Palem's brainchild - a device dubbed the I-slate - is in development at the Institute of Sustainable and Applied Infodynamics (ISAID) at NTU. The first prototypes of the I-slate, which were built at NTU last summer by a team that included three Rice undergraduates, are set to undergo their second round of tests in India.

Palem, who directs ISAID, said the I-slate is the first of a series of electronic notepads being built around a new class of green, power-stingy microchips that use a fraction of the electricity of today's computer chips. Under development in partnership between ISAID and Switzerland's Center for Electronics and Microtechnology, the chips will make it possible for the I-slate to run on solar power from panels similar to those used in hand-held calculators.

These new electronic pads, along with the new nanoscience curriculum in three native languages, recently developed for young K-12 students are important steps in the right direction for India.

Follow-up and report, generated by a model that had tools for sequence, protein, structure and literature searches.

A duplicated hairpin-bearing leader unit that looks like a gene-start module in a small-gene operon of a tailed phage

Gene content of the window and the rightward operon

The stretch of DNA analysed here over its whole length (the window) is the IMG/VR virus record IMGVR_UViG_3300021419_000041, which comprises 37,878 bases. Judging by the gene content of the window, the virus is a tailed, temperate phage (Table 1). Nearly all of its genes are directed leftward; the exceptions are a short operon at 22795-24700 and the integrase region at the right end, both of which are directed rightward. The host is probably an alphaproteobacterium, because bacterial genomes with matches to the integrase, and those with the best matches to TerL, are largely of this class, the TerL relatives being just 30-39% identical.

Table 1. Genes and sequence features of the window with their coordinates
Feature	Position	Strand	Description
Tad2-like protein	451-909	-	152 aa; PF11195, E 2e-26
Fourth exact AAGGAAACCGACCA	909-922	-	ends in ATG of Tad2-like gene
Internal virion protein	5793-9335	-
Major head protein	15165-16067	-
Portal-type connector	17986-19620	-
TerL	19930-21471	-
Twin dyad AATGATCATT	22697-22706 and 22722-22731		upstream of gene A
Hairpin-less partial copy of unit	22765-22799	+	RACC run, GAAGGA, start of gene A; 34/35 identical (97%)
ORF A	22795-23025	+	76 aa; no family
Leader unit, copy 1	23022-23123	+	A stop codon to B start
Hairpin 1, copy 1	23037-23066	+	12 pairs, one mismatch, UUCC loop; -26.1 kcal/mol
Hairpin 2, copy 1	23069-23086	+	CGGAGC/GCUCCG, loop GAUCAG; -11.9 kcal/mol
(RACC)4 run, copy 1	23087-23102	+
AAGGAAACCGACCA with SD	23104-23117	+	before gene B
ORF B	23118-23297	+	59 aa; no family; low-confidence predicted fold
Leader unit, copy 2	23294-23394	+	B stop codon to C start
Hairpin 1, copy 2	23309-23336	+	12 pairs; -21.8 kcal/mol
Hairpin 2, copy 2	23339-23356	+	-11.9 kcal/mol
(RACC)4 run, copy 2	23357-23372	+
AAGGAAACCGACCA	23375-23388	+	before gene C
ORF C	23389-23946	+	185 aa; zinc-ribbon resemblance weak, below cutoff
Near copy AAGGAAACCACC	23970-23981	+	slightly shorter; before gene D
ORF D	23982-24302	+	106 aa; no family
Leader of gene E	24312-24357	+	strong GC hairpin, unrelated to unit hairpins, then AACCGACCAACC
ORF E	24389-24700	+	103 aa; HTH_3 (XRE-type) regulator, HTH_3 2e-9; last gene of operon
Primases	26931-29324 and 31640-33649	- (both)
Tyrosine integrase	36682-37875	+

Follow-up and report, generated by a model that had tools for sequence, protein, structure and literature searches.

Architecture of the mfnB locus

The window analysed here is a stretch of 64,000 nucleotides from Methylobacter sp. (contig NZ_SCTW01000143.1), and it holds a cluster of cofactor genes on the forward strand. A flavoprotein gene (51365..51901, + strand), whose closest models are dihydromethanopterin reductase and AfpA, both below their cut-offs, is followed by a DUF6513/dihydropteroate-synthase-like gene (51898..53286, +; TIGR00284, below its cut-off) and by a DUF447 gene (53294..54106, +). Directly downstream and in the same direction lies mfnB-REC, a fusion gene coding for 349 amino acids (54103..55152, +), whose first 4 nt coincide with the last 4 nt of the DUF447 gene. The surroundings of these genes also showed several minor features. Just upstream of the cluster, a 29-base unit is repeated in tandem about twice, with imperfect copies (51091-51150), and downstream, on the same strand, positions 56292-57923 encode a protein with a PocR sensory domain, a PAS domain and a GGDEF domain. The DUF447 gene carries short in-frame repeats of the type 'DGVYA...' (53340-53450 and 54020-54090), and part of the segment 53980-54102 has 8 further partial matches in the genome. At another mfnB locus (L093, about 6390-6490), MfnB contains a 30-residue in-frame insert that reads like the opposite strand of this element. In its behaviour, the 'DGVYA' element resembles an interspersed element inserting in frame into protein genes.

Even though it has been established that English is the global language of science for conferences, publishing in journals and for exchange students, the very beginning lessons for K-6 students need to be developed in native languages using visual formats, interactive games, or use of online remote nano-labs5 for observing the atomic scale of science for experiments. It is my hope that you, as readers, will understand why all students need to learn nanoscale science and move toward inclusion in your own countries. Each month I will provide new resources that we have gathered for teachers/students to explore. For more information visit our website at TNTG


English: nanolagam.blogspot
Hindi: nanhiduniyaa.blogspot
Tamil: nunnulagam.blogspot
Malayalam: kunhanlogam.blogspot

References:
1. Helen R. Quinn, PhD (NAS), Chair, NRC Committee to Develop Conceptual Framework for New Science Standards, Chair, NRC Board on Science Education
2.Light Feather, Judith, The 1st International Collaboration in U.S. On K-12 nanoscience courses, 2009, tntg
3.Light Feather, Judith, Aznar, Miguel F., Nanoscience Education, Workforce Training and K-12 Resources. CRC Press, ISBN: 978-1-4200-5394-4
4.Press Release: Rice University, November 8, 2010, tntg
5.University of Virginia, Virtual Nano Lab K-12. , virlab.virginia